The definition of a word dwelling is a house or a place of residence.

But I don't understand the difference of two.

You normally use the word house, but then when do you use dwellings?

Is the word more proper/formal?

  • I think dwelling is a humble way to say house.
    – Schwale
    Commented Feb 13, 2016 at 18:04
  • 4
    As a native American English speaker, I would never use dwelling conversationally. Its a semi-formal legalistic word used for regulations and insurance paperwork. I would almost always use "house" to imply the place someone lives, since I'm not drafting legal documents.
    – Ron Jensen
    Commented Feb 13, 2016 at 19:45
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    Ron Jensen is correct about "dwelling." In American English, nearly the only time "dwelling" is used in common speaking is as a verb. "I can't stop dwelling on what happened." To where "dwelling" means a kind of obsessive thinking, usually over something negative. "I can't stop thinking about what happened."
    – Tracy
    Commented Feb 13, 2016 at 19:59
  • @Ron Jensen how is this word used in a sentence for insurance paperwork? I think I saw this word in a book. Is it used to tell stories or something similar?
    – Maimai123
    Commented Feb 14, 2016 at 18:38
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    "Dwelling" is can be used in legal matters to describe a building where people live. So a zoning law might hypothetically restrict the height of a dwelling in a neighborhood to 25 feet. Or see this page on an insurance company website that uses the word and here's another for flood insurance. The word there is being defined in a very technical legal sense to clarify exactly what is insured. You would not use it in casual conversation. Commented Feb 14, 2016 at 21:43

2 Answers 2


I believe @mbakeranalecta explained Canadian English. This explanation is for American English.

"this is my dwelling"

You would never use "this is my dwelling" in conversation to refer to your house or home. It is very outdated. @RonJensen explains more above. You will almost never read or hear it used as a noun but only as a verb, as I explained in the other comment. Some people may use it to sound silly on purpose by using an outdated word. For example, to close friends: "Welcome guys, this is my dwelling. ;)"

"this is my home" vs "this is my house"

It is equally common to say "this is my home" as is "this is my house."

"This is my home" in American English is the one phrase that can be used formally and informally for any type of residence. If in doubt what to say, then say, "this is my home."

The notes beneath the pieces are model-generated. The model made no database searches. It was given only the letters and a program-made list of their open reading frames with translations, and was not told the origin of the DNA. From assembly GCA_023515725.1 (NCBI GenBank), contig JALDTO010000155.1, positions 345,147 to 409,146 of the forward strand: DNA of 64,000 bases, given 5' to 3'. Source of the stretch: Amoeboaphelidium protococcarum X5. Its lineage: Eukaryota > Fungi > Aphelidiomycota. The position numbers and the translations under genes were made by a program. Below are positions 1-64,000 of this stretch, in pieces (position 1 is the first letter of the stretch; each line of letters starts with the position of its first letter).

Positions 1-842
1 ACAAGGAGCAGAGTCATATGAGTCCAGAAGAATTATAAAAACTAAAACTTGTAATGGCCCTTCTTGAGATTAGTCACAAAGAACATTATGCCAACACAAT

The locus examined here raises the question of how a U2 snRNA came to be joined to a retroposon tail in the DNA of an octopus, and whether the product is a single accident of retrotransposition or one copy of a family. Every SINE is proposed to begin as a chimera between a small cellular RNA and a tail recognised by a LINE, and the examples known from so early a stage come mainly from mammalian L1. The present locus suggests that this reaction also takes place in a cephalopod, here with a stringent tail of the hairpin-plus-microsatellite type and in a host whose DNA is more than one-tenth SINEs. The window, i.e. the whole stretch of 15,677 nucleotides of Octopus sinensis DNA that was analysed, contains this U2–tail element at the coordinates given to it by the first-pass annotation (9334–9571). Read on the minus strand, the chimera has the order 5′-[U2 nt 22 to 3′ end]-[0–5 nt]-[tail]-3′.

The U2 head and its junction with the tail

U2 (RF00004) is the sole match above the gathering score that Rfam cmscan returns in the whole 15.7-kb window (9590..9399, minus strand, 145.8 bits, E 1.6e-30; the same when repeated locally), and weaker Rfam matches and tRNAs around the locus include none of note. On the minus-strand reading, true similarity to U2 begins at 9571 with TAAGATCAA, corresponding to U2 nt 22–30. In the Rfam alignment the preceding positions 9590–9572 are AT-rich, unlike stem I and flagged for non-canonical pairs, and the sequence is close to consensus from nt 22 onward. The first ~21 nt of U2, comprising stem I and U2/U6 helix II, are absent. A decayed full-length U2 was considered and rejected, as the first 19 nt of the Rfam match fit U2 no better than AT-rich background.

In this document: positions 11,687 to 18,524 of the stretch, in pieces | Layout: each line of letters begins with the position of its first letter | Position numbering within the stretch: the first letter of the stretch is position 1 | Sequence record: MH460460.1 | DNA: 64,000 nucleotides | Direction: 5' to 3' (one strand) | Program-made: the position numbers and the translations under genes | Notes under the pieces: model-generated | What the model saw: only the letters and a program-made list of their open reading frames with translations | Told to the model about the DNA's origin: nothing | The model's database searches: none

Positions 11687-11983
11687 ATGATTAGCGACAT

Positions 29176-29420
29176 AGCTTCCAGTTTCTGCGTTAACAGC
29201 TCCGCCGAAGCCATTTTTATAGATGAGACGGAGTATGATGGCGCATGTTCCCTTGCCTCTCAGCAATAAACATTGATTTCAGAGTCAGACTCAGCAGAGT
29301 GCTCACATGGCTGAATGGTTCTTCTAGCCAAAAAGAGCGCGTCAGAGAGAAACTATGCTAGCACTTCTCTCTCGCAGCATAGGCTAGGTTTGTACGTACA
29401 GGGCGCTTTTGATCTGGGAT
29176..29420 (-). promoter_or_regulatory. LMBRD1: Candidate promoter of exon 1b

For people living in apartments they do not own, it is not common to hear, "this is my house." Instead you hear, "this is my home/apartment/place."

"This is my house" is used formally and informally for a standalone building, townhouse, or condo you own or a standalone house you rent.

"This is my place" or "this is the place" is informal and can be used with friends, closer contacts, or people you are already informal with.

"place of residence"

"Place of residence" is only used on official forms you write your street address on.

  • if it's outdated, does it mean that it was used long time ago?
    – Maimai123
    Commented Feb 14, 2016 at 18:41
  • Yes. It is good to know the phrase for older literature and articles.
    – Tracy
    Commented Feb 14, 2016 at 22:52
  • I was going to add a discussion about the difference between "house" and "home" saying something about house being a less emotionally attached word. I may live in a house, but with my family I would say "home." Home may also refer to your city, especially if you are traveling.
    – Ron Jensen
    Commented Feb 14, 2016 at 23:02
  • @RonJensen True. Good points. "House" can be a less emotionally attached word than "home" and that fits my explanation, which was focused on the physical properties of a residence. It is also good to know how to speak emotionally about where one lives as you point out.
    – Tracy
    Commented Feb 15, 2016 at 3:53
  • @RonJensen Perhaps it is an American difference, but the use of "house" and "home" can both be used emotionally or for status in the US. "This is my house! Get out of my house!" "This is my home. I make the rules." "Wow! Is that your house?" "Your house is beautiful!" "Home is where the heart is." "This is home for me." And as you say, home may also refer to your city. In the US, "hometown" is where you were born or grew up.
    – Tracy
    Commented Feb 15, 2016 at 3:54

"This is my house" means "I own this house."

"This is my dwelling" means "I live in this place"

A dwelling can be any place you live: house, apartment, cardboard box under a bridge.

That said, people will often use "my house" to mean the place the live, even if they don't own it.

More common still would be to say "my place".

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